Students may have done some prior work that involves identifying input and output devices, for example that a mouse and keyboard are input devices and that a screen or speakers are output devices, but this is not necessary.
Before the lesson, the teacher sets up the Makey Makey (with Playdough connected, or something conductive, such as fruit, as well as a section of two conductive and nonconductive materials). The Makey Makey is connected to one of the musical apps listed on the Makey Makey site.
If it is possible, the teacher projects the Makey Makey Scratch program on a screen or Interactive Whiteboard, otherwise, having the computer with Makey Makey in a visible location, such as the front of the room will be fine.
The teacher asks students to sit in a circle on the floor. The teacher asks the students to describe what they see. (Identifying: Computer, cables, objects, Makey Makey keypad, Scratch program on the screen, etc.)
The teacher invites students to come up and try touching and experiencing the Makey Makey, making sounds with a selection of a few conductive materials.
The teacher asks questions:
The goal is to have students realise that the software, the hardware and the peripheral device (Makey Makey keyboard) are all connected, and that the circuit must be complete for it to work.
Teachers can ask students how many of them have used a controller before and what types of controllers they have used for what purposes (e.g. playing games, television), relating this back to the Makey keypad and the program on the screen.
The teacher now introduces non-conductive materials to the centre of the classroom.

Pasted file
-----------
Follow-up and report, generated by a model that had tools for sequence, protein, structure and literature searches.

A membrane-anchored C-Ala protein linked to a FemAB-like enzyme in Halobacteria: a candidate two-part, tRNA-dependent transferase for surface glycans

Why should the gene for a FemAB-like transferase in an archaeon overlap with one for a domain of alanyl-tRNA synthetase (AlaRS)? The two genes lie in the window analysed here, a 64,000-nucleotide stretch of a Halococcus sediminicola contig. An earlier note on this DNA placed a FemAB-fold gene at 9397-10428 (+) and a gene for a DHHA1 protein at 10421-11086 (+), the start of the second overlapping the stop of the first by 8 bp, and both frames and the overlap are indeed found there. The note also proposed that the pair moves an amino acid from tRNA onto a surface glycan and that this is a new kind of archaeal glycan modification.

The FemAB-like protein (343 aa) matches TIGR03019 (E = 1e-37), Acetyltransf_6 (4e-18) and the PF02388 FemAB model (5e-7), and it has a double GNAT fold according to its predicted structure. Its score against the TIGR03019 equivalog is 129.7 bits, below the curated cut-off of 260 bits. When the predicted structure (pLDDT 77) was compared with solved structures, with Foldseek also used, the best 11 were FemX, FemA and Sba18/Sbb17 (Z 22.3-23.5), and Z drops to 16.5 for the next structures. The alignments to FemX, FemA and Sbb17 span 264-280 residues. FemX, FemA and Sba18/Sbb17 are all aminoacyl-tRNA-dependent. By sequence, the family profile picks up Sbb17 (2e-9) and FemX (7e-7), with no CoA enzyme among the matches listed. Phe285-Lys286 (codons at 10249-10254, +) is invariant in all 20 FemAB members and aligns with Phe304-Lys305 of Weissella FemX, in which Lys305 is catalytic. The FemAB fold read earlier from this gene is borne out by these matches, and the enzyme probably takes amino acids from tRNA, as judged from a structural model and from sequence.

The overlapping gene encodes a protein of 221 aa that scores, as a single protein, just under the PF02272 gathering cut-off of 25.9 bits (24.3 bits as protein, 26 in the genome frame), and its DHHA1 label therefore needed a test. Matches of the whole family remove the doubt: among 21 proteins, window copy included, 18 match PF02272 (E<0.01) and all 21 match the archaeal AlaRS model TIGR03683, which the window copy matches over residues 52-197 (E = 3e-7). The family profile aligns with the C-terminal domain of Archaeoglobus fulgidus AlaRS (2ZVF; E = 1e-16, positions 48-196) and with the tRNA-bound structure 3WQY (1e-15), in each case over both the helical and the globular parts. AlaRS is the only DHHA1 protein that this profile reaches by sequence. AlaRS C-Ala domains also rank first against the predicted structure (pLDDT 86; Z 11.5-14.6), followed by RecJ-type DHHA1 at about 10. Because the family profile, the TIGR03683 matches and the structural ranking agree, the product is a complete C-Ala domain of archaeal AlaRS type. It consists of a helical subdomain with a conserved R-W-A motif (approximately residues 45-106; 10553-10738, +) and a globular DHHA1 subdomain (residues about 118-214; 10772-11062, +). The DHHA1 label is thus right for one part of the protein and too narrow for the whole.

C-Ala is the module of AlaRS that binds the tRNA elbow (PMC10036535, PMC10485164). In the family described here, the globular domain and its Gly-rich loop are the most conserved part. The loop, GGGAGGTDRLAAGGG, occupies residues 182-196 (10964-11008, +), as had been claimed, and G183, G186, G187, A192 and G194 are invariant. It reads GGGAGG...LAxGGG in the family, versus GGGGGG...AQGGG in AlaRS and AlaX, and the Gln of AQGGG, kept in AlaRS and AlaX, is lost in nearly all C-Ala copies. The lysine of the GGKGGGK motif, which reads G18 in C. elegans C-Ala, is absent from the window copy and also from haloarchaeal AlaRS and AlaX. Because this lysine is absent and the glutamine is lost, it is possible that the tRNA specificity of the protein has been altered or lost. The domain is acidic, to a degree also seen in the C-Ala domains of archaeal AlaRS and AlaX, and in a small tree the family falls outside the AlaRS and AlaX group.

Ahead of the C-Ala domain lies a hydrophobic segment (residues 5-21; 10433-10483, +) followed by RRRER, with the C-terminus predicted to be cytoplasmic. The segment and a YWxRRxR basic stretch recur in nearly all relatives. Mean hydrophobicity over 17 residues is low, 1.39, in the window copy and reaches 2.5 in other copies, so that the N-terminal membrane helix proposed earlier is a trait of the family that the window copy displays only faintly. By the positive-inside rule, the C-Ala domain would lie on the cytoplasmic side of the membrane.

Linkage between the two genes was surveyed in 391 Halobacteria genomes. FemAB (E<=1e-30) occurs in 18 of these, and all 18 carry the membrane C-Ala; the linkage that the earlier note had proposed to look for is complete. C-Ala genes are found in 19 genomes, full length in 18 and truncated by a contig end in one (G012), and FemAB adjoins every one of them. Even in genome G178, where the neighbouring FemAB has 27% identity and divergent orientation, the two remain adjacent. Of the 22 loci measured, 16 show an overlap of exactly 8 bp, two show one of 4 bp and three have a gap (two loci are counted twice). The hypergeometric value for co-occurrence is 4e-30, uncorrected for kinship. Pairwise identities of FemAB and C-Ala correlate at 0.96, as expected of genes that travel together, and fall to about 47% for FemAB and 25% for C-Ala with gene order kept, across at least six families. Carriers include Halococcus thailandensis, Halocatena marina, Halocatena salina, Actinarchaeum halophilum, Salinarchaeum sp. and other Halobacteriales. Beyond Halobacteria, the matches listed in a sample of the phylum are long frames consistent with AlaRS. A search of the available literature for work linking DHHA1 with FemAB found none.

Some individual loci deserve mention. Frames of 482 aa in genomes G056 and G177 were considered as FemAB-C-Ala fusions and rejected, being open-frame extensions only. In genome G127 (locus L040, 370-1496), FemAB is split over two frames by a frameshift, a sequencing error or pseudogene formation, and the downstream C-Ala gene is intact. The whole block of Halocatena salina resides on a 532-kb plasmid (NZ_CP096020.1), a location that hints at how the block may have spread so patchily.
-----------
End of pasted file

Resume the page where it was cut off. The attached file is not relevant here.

They continue to experiment with using the Makey Makey system, asking:
Modelling their responses, the teacher sorts the objects into “conductive” and “nonconductive”, as the class identify if they work or not.
Students now work on doing their own sorting activity in pairs or small groups.
The teacher can have the Makey Makeys already pre-prepared on computers for the students to use, or work with them to connect their Makey Makey, step-by-step (depending on age).
Students can either select 6 objects from the middle of the class that have been curated by the teacher, or find their own objects to test with the Makey Makey from their schoolyard or classroom.
Students work together to test and sort their objects into two groups: “conductive” and “nonconductive”/ “yes” and “no”.
Recording: Students take a photo of their final sorted objects.
Students are to draw their digital system (Makey Makey) and label parts of the system (either by writing, or gluing labels provided by the teacher, depending on literacy level).
Students work together to write down (or with teacher support) what they notice (observe) about their experiment - either how the system worked or the use of the objects.
Note: Marc Faulder noticed that the class also sorted objects into a third pile, depending on where you put the clip.
The groups come back to the centre of their class with their recordings and share what they found out about their objects.
The teacher physically groups some of their collective observations into the centre of the room.
The teacher invites them to share what they can notice about each group.
Students reflect on their experiences in working scientifically with their peer or team.
Students, based on what they have observed, select 2-3 objects and invent a musical instrument.
Students draw their instrument.
In this lesson, teachers are looking to see whether students have included all parts of the digital system in their design, and whether the objects they have selected are appropriate.